Many of the issues concerned with equality of opportunity in education have a spatial base. As studies in the geography of education assist the understanding of the problems involved, the first part of this dissertation considers the situation in breadth. In addition to reviewing some of the relevant studies already completed, it attempts to demonstrate the potential value of other work in this field of study. The second part examines the particular need in educational planning for an approach with a spatial base. The special function of models in such planning is then discussed before an examination is made of the possible location theories that could be used as a basis. The two major theoretical frameworks, involving (a) interaction theory and (b) central place theory are considered in more detail to see how they could be used in studies of educational systems. In order to test some of the ideas against actual conditions, a case study is carried out in part III. The spatial organisation of the educational system in the area around Bath is analysed through a type of 'systems analysis'. A spatial model of a primary/secondary school system is formulated using central place theory as its conceptual framework. This is then tested against the 'descriptive' model representing the actual situation. It is found that the suggested k = 7 hierarchical model is matched in reality but not in the form of an hexagonal lattice. In addition, some secondary schools share 'feeder' primary schools and do not operate on discrete sub-systems according to Christaller's 'administrative principle'. It is concluded that, in spite of theoretical and practical problems, the spatial model derived from central place theory provides a framework which assists educational planning.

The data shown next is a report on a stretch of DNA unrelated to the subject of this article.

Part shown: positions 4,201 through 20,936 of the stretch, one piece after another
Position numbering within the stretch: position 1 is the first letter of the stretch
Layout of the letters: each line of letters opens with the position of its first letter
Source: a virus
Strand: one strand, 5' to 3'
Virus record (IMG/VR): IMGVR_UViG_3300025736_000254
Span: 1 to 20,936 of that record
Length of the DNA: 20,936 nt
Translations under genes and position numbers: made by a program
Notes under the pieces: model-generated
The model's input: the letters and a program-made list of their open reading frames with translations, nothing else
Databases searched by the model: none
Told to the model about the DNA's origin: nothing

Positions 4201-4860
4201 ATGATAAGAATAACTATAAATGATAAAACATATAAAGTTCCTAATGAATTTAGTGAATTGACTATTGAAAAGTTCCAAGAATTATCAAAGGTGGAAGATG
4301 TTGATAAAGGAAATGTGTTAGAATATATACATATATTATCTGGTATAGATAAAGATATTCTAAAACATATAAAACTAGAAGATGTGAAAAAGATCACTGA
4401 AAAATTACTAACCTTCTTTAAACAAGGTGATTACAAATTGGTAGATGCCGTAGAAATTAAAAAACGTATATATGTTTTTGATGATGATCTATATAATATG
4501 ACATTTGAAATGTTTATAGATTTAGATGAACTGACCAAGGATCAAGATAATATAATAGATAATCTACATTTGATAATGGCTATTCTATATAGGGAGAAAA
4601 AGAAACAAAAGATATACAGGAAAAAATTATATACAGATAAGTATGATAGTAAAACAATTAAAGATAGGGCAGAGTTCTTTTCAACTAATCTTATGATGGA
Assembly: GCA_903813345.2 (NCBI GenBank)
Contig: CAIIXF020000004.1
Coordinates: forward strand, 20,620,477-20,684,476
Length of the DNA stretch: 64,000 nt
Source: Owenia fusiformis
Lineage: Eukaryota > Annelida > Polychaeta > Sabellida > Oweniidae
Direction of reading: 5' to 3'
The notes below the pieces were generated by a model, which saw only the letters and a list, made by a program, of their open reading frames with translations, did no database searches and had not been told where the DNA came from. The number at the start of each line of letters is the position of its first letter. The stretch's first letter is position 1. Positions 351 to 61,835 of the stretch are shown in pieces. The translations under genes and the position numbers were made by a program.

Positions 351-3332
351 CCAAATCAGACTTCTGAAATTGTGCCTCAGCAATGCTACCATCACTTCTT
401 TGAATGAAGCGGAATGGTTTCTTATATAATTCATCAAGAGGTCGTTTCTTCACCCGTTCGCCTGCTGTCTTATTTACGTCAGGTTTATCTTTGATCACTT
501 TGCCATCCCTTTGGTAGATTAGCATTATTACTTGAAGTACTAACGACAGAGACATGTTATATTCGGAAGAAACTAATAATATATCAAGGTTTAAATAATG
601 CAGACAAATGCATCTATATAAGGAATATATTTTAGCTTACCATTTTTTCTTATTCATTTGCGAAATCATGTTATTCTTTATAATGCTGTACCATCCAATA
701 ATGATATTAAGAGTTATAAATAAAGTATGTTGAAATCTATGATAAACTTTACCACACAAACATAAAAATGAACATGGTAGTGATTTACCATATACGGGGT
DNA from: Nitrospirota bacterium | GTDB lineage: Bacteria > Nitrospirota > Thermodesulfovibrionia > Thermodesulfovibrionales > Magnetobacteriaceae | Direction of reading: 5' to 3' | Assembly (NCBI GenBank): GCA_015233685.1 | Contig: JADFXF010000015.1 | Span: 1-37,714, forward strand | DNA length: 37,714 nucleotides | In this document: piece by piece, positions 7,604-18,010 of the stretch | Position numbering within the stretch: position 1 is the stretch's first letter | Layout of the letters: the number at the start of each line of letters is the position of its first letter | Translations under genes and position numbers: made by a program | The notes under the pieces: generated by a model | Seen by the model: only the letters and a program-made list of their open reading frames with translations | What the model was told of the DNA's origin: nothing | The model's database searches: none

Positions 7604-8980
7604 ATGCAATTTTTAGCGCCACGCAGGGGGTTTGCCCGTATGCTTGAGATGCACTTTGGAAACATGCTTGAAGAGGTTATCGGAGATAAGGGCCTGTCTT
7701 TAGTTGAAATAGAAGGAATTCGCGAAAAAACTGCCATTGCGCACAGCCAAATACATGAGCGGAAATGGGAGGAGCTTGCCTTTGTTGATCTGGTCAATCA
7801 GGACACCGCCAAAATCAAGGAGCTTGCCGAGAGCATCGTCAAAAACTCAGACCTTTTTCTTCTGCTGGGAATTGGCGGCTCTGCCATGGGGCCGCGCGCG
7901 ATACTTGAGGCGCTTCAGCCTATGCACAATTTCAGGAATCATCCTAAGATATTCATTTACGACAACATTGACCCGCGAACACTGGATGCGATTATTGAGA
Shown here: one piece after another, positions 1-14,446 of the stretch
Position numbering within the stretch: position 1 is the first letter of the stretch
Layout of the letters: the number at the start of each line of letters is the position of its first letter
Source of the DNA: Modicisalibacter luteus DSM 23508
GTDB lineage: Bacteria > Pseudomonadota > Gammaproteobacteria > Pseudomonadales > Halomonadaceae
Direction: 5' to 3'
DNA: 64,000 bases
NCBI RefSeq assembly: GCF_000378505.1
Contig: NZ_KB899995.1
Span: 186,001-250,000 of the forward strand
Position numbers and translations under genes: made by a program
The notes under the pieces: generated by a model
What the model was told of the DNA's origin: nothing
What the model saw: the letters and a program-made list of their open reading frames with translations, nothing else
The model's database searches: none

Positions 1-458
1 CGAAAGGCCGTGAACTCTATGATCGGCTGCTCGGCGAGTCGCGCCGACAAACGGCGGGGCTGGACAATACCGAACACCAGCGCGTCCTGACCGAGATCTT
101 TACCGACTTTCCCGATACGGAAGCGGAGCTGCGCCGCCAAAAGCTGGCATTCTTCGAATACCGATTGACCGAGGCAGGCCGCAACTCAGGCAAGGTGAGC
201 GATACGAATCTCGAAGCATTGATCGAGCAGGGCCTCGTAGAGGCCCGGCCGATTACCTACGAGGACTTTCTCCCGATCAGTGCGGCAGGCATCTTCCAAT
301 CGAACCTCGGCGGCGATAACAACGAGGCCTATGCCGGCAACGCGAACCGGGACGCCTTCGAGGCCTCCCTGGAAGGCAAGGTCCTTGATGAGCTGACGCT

|Date of Award||1973|